“People change their attitudes when their job is on the line,” he said.
Rep. Lloyd Doggett (D-Texas), another top proponent of getting Trump’s tax returns, said Rettig must be ideologically flexible. “I’d certainly prefer to have a new IRS commissioner,” Doggett said.
Under Biden, the Treasury Department has said it would comply with the Democrats’ request for Trump’s returns, and the only remaining obstacle is a Trump-appointed judge taking his sweet time to make a decision in the case.
In a statement to HuffPost, Rettig said he has taken the same approach to his job under both administrations: “I believe in our country and came on board to help tax administration and everyone who interacts with the IRS including our employees, taxpayers, tax professionals and Congress.”
Rettig is serving a fixed term that’s not up until next year. Congress has given some agency officials terms that don’t correspond with changes in administration as a way of insulating their work from the politics of the moment.
Former IRS Commissioner John Koskinen, who served under both Barack Obama and Trump, said Rettig has done a good job moving between administrations ― and that that’s normal for a political appointee with a five-year term.
“The goal is to have tax administration be non-political and the Commissioner’s term is structured as a five year term to make it clear that it’s not the normal political appointment,” Koskinen said in an email.
But the idea of insulating agency heads from politics might be wishful thinking, and its days might be numbered. The Supreme Court said last year Trump had every right to fire the director of the Consumer Financial Protection Bureau before their term was up, and the court this year blessed Biden’s firing of the head of the Federal Housing Finance Agency.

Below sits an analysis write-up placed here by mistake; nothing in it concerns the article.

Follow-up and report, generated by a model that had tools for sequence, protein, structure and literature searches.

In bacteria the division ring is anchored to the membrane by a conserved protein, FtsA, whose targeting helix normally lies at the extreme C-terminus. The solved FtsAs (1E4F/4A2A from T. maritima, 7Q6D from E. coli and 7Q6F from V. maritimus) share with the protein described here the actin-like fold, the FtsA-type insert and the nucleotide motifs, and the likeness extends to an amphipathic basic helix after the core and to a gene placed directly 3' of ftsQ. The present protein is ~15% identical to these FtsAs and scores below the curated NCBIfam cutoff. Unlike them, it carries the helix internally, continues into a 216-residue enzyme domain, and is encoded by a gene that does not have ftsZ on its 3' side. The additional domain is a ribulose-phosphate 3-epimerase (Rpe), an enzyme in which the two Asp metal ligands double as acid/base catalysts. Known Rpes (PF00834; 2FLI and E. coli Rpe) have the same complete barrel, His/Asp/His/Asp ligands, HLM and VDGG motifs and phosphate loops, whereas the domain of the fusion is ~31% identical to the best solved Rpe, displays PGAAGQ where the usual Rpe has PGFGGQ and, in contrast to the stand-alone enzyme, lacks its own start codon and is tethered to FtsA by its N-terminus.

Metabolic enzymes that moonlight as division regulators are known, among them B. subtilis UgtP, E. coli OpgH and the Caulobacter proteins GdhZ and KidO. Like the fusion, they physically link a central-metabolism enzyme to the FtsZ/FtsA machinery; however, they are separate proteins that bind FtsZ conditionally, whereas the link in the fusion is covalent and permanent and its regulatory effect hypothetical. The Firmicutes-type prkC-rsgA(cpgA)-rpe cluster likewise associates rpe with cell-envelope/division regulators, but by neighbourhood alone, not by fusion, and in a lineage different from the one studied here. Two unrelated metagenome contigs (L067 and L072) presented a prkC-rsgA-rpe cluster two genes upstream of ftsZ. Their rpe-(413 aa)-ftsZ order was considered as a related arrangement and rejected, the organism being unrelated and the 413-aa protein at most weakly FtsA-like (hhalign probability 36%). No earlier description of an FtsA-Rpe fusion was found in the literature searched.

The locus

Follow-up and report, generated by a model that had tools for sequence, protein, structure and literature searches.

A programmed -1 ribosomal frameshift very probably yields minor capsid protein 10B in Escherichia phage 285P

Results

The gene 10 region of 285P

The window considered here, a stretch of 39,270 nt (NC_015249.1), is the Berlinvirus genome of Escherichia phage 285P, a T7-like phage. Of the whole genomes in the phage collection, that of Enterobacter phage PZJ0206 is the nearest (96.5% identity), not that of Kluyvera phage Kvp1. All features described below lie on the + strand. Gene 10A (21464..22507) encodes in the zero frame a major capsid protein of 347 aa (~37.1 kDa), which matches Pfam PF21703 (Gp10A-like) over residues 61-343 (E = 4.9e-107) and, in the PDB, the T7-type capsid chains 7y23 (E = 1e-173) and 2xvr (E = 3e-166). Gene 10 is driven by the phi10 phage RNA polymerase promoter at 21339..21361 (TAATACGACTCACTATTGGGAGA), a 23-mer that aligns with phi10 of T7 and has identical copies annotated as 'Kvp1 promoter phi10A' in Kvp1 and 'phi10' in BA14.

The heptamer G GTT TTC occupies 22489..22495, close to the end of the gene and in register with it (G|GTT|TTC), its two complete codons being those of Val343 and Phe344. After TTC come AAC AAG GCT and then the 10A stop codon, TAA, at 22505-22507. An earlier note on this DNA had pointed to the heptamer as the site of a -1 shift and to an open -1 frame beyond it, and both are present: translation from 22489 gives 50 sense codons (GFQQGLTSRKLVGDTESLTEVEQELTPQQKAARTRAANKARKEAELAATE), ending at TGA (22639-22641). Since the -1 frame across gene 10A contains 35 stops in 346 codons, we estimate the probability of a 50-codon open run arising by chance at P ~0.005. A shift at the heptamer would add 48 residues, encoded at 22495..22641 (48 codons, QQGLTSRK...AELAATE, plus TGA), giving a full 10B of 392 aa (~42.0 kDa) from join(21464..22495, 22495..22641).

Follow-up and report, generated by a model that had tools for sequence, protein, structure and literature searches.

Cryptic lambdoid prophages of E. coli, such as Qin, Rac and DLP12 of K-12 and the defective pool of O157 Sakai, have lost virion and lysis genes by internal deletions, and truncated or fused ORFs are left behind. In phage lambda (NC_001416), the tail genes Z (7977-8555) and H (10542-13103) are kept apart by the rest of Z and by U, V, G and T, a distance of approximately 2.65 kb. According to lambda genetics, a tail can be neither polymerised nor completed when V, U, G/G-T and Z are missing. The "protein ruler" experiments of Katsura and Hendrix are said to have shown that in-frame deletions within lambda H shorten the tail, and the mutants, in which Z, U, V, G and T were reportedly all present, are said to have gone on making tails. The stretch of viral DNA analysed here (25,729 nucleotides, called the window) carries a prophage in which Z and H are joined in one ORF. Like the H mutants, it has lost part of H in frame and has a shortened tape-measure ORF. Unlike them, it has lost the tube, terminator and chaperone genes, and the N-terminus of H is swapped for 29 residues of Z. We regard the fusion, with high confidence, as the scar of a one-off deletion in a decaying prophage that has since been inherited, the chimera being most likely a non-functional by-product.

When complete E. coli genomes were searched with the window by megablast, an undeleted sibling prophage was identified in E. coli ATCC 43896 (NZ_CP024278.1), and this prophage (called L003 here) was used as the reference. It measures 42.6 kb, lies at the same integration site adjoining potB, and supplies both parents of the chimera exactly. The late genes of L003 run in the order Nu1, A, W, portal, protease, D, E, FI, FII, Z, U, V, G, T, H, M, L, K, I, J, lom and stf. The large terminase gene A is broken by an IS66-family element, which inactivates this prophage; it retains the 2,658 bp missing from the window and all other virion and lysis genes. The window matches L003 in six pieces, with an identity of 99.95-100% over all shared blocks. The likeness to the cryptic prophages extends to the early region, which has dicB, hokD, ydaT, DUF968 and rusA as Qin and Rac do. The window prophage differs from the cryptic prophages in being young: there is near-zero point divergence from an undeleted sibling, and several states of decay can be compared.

Too many restrictions on a president’s ability to fire people and control his own administration, the court reckoned in those cases, violates the Constitution’s separation of powers among different branches of government. Biden took this year’s ruling as an opportunity to then rid himself of the Trump holdover at the Social Security Administration.
It’s probably important to have a team player at the IRS, a bureau increasingly important to domestic policy. When Congress wanted to send pandemic relief checks to everyone in America, it had the IRS do it. When Democrats wanted to start up a monthly allowance for parents, they had the IRS do it.
Some doubted whether the IRS could start those child tax credit payments by July, less than three months after the law’s enactment, but Rettig assured lawmakers it would work ― and so far, the program seems to have performed as well as anyone expected, if not better.
The problem with using the IRS for the child allowance is that people with low incomes don’t have to file federal tax returns, so the IRS didn’t have an established way of reaching them. The bureau has tried to reach out through local nonprofits and by creating an online portal where parents can sign up for the payments. At first, the website was shoddy, and didn’t even work on smartphones, but the IRS made improvements after Democrats like Brown and Sen. Ron Wyden (R-Ore.) complained.